There were times during the first few months of Joseph’s life that his parents, Katie and Philip, didn’t think he’d survive. Then they found the Newborn and Infant Chronic Lung Disease Program at Children’s Hospital of Philadelphia (CHOP).
When Katie and Philip first started trying to get pregnant, Katie told her husband, “We will take the baby however it comes.” Katie teaches web design in Queens, NY, and Philip is a special needs math teacher at a school near their home on Long Island. She felt confident they could handle any issue that came their way.
“We just wanted to be a good home for the child,” she said. “I think God heard me.”
Just 18 weeks into the pregnancy, Katie’s water broke and ruptured her amniotic sac. Physicians at the hospital near the couple’s home were concerned about the risk of intrauterine infection, which could cause preterm labor. They told Katie and Philip they had two options: They could terminate the pregnancy, or Katie could stay on bedrest and hope the pregnancy continued until at least 24 weeks, when the lungs would be developed enough for the baby to survive.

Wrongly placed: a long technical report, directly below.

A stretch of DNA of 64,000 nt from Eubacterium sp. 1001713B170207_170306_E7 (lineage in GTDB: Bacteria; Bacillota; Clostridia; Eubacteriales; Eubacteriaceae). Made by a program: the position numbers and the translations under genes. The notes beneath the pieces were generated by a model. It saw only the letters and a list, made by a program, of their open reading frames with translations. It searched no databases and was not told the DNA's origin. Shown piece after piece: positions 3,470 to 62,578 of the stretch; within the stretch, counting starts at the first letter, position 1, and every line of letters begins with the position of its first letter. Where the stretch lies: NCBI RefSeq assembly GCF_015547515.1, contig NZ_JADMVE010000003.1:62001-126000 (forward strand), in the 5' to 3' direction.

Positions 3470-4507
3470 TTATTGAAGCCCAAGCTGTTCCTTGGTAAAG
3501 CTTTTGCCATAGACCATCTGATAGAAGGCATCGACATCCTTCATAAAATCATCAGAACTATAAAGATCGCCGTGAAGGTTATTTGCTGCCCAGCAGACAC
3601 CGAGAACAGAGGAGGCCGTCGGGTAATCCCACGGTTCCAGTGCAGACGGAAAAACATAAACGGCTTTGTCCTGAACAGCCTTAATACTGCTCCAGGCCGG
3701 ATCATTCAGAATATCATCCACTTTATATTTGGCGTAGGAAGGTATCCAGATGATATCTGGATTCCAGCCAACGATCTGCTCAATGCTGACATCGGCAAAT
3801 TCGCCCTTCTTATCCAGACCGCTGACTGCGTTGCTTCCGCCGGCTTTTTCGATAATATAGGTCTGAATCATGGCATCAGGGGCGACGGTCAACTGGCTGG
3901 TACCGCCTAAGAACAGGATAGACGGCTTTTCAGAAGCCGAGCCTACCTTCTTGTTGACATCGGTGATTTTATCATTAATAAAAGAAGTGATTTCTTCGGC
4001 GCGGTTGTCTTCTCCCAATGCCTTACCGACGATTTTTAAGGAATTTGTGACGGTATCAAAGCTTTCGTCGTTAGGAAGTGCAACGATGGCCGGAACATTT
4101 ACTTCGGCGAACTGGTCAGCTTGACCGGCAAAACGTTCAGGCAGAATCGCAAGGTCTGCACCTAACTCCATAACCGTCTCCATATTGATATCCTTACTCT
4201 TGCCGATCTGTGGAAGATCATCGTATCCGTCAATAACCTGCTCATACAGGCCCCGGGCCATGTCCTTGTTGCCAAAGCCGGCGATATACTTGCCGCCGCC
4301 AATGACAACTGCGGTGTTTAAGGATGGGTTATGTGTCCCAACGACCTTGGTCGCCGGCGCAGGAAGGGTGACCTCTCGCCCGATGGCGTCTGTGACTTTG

Katie and Phil opted to continue the pregnancy. At 29 weeks, their baby went into fetal distress and needed to be delivered by emergency c-section. He weighed just 1 lb 8 ounces.
Complications from underdeveloped lungs
Shortly after birth, Joseph’s lungs began to fail. He was intubated and placed on a ventilator. At one point, he was on 100% oxygen support. Over the next four weeks, his lungs continued to deteriorate and he developed bronchopulmonary dysplasia (BPD), a condition that occurs when premature babies whose lungs are underdeveloped are exposed to multiple stressors such as high oxygen, infection, and high levels of mechanical ventilation. The condition can be life-threatening if not managed properly.